I’m about to set up a new computer for myself, and it’s going to run both Windows XP Pro and one or more flavors of Linux. Obviously, it’s going to be a multi-boot system. So I’ve been boning up on a lot of the issues associated with setting up such a system, such as:
- What’s the best way to partition the system?
- Can I use a single /home partition and just share it with every Linux distro I install?
- How can I easily share files between WinXP and Linux?
There’s about a billion different ways to set up a system like that, and about a billion web sites that give snippets of information on what’s best and how to do it. After doing some reading for the past few days, I attempted to simulate a setup like this using my old notebook (that already dual-boots WinXP Home and Ubuntu 7.10).
Initially, my notebook had two primary partitions (one for WinXP and one for Ubuntu) and an extended partition containing a single logical partition (the swap partition). I wanted to change this to create two additional partitions. First, I wanted a separate NTFS partition that I could use for storing all my user-generated files (like the stuff that you’d store in My Documents in Windows, or in ~/Documents in Ubuntu). This was not a separate /home partition–just a separate partition for documents.
(Aside: Ubuntu 7.10 can read and write to NTFS partitions out-of-the-box. Earlier versions of Ubuntu cannot. If you’re running an earlier version, you’ll want to use FAT32 for your shared partition instead of NTFS.)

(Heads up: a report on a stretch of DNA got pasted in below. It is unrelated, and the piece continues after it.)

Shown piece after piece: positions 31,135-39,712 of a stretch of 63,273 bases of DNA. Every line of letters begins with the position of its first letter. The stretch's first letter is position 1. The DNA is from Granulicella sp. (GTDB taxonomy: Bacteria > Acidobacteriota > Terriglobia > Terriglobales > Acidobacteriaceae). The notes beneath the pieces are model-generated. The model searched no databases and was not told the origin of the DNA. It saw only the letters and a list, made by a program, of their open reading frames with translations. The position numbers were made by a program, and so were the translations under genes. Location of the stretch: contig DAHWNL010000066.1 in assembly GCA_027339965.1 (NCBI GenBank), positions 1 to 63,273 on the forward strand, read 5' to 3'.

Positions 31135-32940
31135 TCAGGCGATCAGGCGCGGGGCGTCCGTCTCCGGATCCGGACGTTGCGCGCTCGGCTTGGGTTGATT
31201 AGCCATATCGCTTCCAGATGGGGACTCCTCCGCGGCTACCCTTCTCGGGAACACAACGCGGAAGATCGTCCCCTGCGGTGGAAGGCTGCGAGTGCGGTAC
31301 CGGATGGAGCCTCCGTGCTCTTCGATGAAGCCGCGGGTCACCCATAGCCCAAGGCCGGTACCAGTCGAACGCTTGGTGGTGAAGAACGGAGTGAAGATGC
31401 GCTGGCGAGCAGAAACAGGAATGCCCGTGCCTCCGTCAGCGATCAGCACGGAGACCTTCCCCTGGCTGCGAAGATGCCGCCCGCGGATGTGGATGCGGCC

The other additional partition that I wanted to create was a small partition dedicated to GRUB, the boot loader used by Ubuntu (and many other flavors of Linux). It turns out that putting GRUB in its own partition makes it much easier to add and remove Linux distros on your system, if you’re in to that kind of thing.
There’s a nice overview of disk partitioning on the Illustrated Dual Boot HomePage, and there’s also a nice section on the hows and whys of creating and using a separate GRUB partition. In fact, I followed those instructions pretty-much verbatim to create my own GRUB partition.
WARNING: when you start dorking around with existing partitions, you run the risk of screwing things up and losing data. Do a backup before you embark on an experiment like this one.
I used the GParted Live CD in order to do all the partitioning work. You simply boot your system from that CD, and the GParted application is started for you. GParted allows you to create, delete, move, resize, and format partitions to your heart’s content. Rather than try to create a GParted tutorial here, I’ll let you discover one of the many sites that’ll walk you through using GParted. I’ll just say here that I used GParted to shrink the primary WinXP NTFS partition and the primary Ubuntu ext3 partition, to create a separate ext2 primary partition (only a few megabytes in size) for GRUB, and to expand the extended partition to fill the remaining space. I also created a new logical NTFS partition within the extended partition for holding my files to be shared between WinXP and Ubuntu.
Once I was finished with all the partitioning gymnastics, I rebooted. You really won’t notice many changes when you reboot, at least initially. In WinXP, you’ll see that there’s a new drive available (the logical NTFS partition I created for holding my documents), but that’s about it. The next step for me was to install GRUB to its newly-created partition, and I simply followed the instructions for doing so that I mentioned above.
A couple of test reboots later and I had convinced myself that the machine was indeed booting using the contents of the GRUB partition. Interestingly, you can set up the boot menu (menu.lst) a number of different ways. The coolest way, at least in my book, is to have the main GRUB menu.lst refer to the menu.lst files on the individual linux partitions. It’s all covered in the links I mentioned above.